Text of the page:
The Center of the Lagoon Nebula

The Lagoon Nebula, aka M8, is about 5,000 light years away in the constellation of Sagittarius. The center of the Lagoon Nebula is a maelstrom of star formation. The long funnel-shaped clouds on the lower left are roughly half a light-year long and have been formed by extreme stellar winds and intense energetic starlight. An extremely bright nearby star, Hershel 36, lights the area. Dust hides or reddens other hot young stars from our point of view. As energy from these stars flows into the cool dust and gas, the large temperature differences between adjoining regions can create generating shearing winds which may cause funnels to form.

Image Credit: NASA / ESA

A New Moon

A moon was discovered around the dwarf planet 2007 OR10 in these archival Hubble images. They were taken a year apart and reveal a moon orbiting the dwarf planet. Each image, taken by the Hubble Space Telescope‘s Wide Field Camera 3, shows the companion in a different position around the planet. 2007 OR10 is the third-largest known dwarf planet, after Pluto and Eris, and the largest unnamed body in the solar system. It’s located in the Kuiper Belt, a realm of icy debris left over from the solar system’s formation.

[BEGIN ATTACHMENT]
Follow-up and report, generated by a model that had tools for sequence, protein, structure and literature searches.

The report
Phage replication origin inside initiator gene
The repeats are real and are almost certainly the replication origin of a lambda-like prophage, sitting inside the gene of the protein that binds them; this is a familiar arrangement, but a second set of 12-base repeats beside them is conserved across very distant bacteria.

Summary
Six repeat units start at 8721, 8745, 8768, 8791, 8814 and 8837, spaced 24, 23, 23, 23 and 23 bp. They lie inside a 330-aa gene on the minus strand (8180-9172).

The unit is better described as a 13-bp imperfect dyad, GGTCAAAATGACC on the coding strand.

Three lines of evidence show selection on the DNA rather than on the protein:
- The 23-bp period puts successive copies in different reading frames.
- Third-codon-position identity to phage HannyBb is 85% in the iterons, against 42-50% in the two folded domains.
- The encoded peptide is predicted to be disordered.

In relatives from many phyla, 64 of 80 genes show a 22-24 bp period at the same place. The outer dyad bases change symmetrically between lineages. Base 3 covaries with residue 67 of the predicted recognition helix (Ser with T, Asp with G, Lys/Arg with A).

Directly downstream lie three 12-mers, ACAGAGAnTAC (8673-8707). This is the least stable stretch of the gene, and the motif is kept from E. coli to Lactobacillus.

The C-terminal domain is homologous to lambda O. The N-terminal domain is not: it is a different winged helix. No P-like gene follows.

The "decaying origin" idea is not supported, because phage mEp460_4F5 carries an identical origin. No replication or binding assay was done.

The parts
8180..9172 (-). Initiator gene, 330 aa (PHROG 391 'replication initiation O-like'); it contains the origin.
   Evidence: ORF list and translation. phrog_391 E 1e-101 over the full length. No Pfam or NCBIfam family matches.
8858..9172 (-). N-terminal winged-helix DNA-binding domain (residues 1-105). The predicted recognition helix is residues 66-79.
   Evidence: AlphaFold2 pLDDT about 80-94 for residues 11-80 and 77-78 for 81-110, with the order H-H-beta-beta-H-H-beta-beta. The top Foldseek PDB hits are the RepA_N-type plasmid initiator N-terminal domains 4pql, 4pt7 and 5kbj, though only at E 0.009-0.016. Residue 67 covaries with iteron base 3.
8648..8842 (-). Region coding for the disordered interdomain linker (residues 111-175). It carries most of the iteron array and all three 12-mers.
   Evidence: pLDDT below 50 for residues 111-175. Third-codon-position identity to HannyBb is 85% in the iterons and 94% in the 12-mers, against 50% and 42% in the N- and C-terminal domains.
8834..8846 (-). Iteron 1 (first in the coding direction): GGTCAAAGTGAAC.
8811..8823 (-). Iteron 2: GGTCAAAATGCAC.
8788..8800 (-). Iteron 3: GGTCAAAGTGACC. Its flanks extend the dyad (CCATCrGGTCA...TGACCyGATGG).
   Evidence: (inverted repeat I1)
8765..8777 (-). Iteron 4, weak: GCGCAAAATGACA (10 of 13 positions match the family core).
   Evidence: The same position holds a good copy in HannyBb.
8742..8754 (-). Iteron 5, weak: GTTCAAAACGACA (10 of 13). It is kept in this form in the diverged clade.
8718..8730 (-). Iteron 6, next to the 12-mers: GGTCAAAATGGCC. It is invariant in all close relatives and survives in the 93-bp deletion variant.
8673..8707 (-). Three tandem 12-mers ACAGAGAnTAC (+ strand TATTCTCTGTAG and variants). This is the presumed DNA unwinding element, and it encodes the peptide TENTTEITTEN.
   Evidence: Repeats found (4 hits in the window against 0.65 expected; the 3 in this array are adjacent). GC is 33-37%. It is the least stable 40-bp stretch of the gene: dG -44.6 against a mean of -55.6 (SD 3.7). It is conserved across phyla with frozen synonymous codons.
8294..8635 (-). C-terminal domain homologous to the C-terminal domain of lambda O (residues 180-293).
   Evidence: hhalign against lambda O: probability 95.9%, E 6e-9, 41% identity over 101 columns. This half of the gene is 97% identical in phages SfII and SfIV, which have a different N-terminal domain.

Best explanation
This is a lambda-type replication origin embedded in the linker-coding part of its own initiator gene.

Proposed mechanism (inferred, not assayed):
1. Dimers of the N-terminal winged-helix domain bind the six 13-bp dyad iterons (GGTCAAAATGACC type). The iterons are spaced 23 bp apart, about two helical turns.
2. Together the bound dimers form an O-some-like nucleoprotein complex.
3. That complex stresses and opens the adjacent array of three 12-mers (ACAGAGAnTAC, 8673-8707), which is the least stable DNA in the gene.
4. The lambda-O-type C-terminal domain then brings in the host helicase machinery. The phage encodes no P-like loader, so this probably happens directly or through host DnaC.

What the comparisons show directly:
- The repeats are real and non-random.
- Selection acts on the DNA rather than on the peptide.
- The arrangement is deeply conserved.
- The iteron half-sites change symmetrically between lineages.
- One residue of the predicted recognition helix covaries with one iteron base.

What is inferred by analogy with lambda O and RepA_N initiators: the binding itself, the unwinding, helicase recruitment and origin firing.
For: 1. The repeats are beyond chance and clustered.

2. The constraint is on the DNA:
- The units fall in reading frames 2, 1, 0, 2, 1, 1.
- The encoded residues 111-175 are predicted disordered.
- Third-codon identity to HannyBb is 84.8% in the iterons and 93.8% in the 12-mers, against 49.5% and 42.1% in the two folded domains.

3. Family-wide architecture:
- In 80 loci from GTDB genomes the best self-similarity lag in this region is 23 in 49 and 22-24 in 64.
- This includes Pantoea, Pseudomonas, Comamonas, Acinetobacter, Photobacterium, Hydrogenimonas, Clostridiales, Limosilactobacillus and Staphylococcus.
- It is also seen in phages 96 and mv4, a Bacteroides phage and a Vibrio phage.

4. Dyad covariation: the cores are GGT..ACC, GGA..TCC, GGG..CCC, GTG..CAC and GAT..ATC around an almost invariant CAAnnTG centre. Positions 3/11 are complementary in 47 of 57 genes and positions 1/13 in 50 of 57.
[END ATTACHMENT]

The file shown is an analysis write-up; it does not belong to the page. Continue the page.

Image Credits: NASA / ESA / C. Kiss (Konkoly Observatory) / J. Stansberry (STScI)

The Rings of Uranus

Saturn’s rings are so prominent that they easily visible from Earth with a small telescope. All the other gas giant planets have ring as well, but they weren’t discovered until we were able to look at those planets from above the Earth’s atmosphere. Here are some pictures of the ring system around Uranus taken by the Hubble Space Telescope as our point of view shifted over several years. The next time the rings will be edge-on will be in 2049.

Image Credit: NASA / ESA / STScI

A Hole in the Cosmic Microwave Background

The Cosmic Microwave Background (CMB) in the afterglow of the Big Bang. Why would this cluster of galaxies punch a hole in it? The CMB flows right through most of the gas and dust in the universe. It is all around us. However, large clusters of galaxies have enough gravity to contain gas hot enough to up-scatter the CMB photons into light of significantly higher energy, creating “holes” in the CMB. This is known as the Sunyaev–Zel’dovich (SZ) effect, and it’s used for decades to study the hot gas in clusters. This picture combines CMB data from ESO’s ALMA with imagery from the Hubble Space Telescope to measure the galaxies in the massive galaxy cluster RX J1347.5-1145. False-color blue shows light from the CMB; almost every yellow object is a galaxy. The shape of the SZ hole indicates not only that hot gas is present in this galaxy cluster, but also that it is distributed in a surprisingly uneven manner.

Image Credit: ESO / ESA / NASA

Seeing Double

This particular object in the constellation Lepus stands out from the crowd. It’s actually  two separate galaxies whooshing past each other at about 2 million km/h. That’s probably so fast that they won’t merge and form a single galaxy. However, because they’ll pass within about 20,000 light-years of each other, the galaxies will distort one another through the force of gravity, warping each other on a grand scale.

Image Credit: ESA / NASA